The word "rape" as applied to oilseed crops is derived from the Latin word rapum that means turnip. Today turnip rapes and the similar but more common swede rapes are grown for their oil and are widely recognised by their bright yellow flowers that can be seen from late april onwards.
The familiar yellow flowers Rapeseed crops have been cultivated throughout much of the world for at least four thousand years although it was not until the 13th century in Europe that this was done on a commercial scale. At the time its primary use was as a lamp oil but prior to this the oils had been used in soaps and for other purposes.
In 1740 Carl Linnaeus noted that the crop had a useful soil improving role that aided the performance of following crops. This is a role that is still vital today and oilseed rape is known as a "break crop" - one that helps improve the yield of the following cereal crops, in particular wheat.
The crop at harvest Despite its useful role as a break crop, oilseed rape cannot be grown too regularly in the same field for the risk of a serious disease build up. Oilseed rape is always grown as part of a farm rotation and rarely returns to the same field more than one year in three. Other important break crops include, potatoes, sugar beet, grass leys, peas and beans all of which allow insects and fungal pests to die out between cereal crops.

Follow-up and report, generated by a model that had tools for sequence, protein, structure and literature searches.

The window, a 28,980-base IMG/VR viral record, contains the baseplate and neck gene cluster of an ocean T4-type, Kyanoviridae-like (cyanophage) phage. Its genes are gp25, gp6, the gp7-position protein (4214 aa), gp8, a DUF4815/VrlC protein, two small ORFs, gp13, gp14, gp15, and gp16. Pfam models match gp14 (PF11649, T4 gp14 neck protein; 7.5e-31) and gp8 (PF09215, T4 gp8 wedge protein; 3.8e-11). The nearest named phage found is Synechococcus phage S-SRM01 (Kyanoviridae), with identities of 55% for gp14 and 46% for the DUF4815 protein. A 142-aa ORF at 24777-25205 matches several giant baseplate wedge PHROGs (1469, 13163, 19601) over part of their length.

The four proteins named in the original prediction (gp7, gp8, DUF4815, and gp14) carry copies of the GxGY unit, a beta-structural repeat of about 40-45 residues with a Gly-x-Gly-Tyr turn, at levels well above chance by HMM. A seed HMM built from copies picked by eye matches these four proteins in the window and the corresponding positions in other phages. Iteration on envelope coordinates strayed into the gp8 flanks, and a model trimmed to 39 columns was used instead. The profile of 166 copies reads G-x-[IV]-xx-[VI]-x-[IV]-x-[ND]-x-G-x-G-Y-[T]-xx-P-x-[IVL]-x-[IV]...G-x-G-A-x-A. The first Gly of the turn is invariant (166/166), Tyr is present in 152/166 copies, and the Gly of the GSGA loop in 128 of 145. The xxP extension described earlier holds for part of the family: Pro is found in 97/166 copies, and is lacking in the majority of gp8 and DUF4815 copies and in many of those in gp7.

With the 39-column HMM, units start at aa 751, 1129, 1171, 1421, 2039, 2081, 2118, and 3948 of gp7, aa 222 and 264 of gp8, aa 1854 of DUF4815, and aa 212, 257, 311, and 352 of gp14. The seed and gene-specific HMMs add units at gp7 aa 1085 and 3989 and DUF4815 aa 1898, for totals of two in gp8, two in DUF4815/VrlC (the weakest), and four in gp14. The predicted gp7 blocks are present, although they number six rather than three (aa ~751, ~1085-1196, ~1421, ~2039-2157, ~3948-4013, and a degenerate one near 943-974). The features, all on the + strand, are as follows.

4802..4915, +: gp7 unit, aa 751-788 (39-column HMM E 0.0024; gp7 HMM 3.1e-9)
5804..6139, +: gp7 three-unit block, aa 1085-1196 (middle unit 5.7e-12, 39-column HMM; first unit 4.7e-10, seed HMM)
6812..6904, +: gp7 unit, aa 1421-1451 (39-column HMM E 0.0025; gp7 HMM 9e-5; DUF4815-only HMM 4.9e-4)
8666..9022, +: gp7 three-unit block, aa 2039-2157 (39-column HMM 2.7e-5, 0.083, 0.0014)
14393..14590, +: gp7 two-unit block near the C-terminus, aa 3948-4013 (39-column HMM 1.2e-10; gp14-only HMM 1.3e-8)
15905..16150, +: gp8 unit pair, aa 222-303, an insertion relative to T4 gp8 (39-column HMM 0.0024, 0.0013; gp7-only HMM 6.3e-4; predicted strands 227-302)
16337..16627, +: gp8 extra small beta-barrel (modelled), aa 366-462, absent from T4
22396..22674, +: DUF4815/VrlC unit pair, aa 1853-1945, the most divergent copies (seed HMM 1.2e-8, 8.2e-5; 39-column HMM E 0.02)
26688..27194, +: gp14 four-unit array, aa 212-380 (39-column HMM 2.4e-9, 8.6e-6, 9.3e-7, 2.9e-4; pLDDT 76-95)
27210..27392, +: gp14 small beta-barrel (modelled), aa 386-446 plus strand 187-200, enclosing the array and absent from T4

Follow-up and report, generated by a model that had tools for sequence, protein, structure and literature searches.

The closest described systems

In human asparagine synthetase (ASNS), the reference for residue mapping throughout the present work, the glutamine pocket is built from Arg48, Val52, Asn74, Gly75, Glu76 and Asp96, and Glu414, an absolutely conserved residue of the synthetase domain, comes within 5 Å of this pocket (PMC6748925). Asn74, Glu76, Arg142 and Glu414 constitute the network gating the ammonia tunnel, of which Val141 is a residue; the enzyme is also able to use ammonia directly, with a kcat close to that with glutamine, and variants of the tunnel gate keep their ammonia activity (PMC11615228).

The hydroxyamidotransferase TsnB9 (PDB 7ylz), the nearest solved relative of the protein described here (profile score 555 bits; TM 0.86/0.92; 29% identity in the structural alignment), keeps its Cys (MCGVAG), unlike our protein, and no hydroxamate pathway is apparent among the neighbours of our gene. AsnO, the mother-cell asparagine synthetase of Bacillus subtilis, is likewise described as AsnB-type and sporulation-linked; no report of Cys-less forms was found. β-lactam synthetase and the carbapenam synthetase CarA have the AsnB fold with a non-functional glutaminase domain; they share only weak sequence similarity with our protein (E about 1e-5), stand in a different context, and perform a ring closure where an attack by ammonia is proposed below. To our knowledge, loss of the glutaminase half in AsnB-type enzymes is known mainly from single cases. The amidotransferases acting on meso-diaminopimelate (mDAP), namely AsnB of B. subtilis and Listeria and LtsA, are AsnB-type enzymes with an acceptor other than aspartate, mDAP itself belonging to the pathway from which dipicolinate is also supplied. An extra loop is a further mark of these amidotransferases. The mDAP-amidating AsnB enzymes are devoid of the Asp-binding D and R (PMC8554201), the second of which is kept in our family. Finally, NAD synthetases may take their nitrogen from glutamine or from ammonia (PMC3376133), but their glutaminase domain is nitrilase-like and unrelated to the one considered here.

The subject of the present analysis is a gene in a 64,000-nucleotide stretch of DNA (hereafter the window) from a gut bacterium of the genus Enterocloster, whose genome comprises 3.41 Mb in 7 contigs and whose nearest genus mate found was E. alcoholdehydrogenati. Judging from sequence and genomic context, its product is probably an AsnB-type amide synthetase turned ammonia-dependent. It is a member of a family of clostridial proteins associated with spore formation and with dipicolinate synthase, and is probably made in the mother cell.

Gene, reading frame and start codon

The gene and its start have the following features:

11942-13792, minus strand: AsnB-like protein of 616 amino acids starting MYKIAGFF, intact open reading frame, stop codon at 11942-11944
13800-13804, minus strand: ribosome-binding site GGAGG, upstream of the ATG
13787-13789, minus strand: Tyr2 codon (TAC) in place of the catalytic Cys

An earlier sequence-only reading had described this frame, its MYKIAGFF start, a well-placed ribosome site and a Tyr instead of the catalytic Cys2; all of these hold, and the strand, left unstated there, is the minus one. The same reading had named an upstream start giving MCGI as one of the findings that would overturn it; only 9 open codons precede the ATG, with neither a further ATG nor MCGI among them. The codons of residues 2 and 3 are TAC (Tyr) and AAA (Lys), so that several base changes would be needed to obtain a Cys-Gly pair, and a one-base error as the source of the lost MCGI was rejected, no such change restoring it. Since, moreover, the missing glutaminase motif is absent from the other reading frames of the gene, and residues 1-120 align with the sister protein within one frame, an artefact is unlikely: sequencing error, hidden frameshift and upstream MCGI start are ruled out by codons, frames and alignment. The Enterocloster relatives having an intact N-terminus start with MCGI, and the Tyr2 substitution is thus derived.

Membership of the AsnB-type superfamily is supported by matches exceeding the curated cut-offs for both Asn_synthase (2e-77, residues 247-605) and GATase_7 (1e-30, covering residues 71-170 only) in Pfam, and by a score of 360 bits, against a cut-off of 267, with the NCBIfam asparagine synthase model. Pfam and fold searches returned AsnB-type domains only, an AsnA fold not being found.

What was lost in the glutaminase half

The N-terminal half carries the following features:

Harvested seeds In the UK the oilseed rape crop was barely known until the 1970's when the explosion in commodity prices and targeted support from the CAP raised the price to a sufficiently high level that farmers chose to grow it. Now, around 400,000 hectares of oil seed rape is grown annually, roughly one eighth of the area of wheat and barley. Most of this is autumn sown and known as winter oilseed rape.
Oil seed rape in store Oilseed rape is not a very high yielding crop by comparison with cereals. Typically winter rape yields around 3 tonnes per hectare compared with 8 tonnes per hectare for wheat. However, with a higher price and the "break crop" benefit to the following wheat crop, oilseed rape remains an important crop in the arable rotation and currently the UK is about 90% self sufficient.
Vegetable oil - produced from oil seed rape Today's varieties of oilseed rape have been bred to provide an oil that is suitable for use in cooking and food processing. Known as vegetable oil, the oil is widely used by the food industry and is now being increasingly processed for use as biodiesel.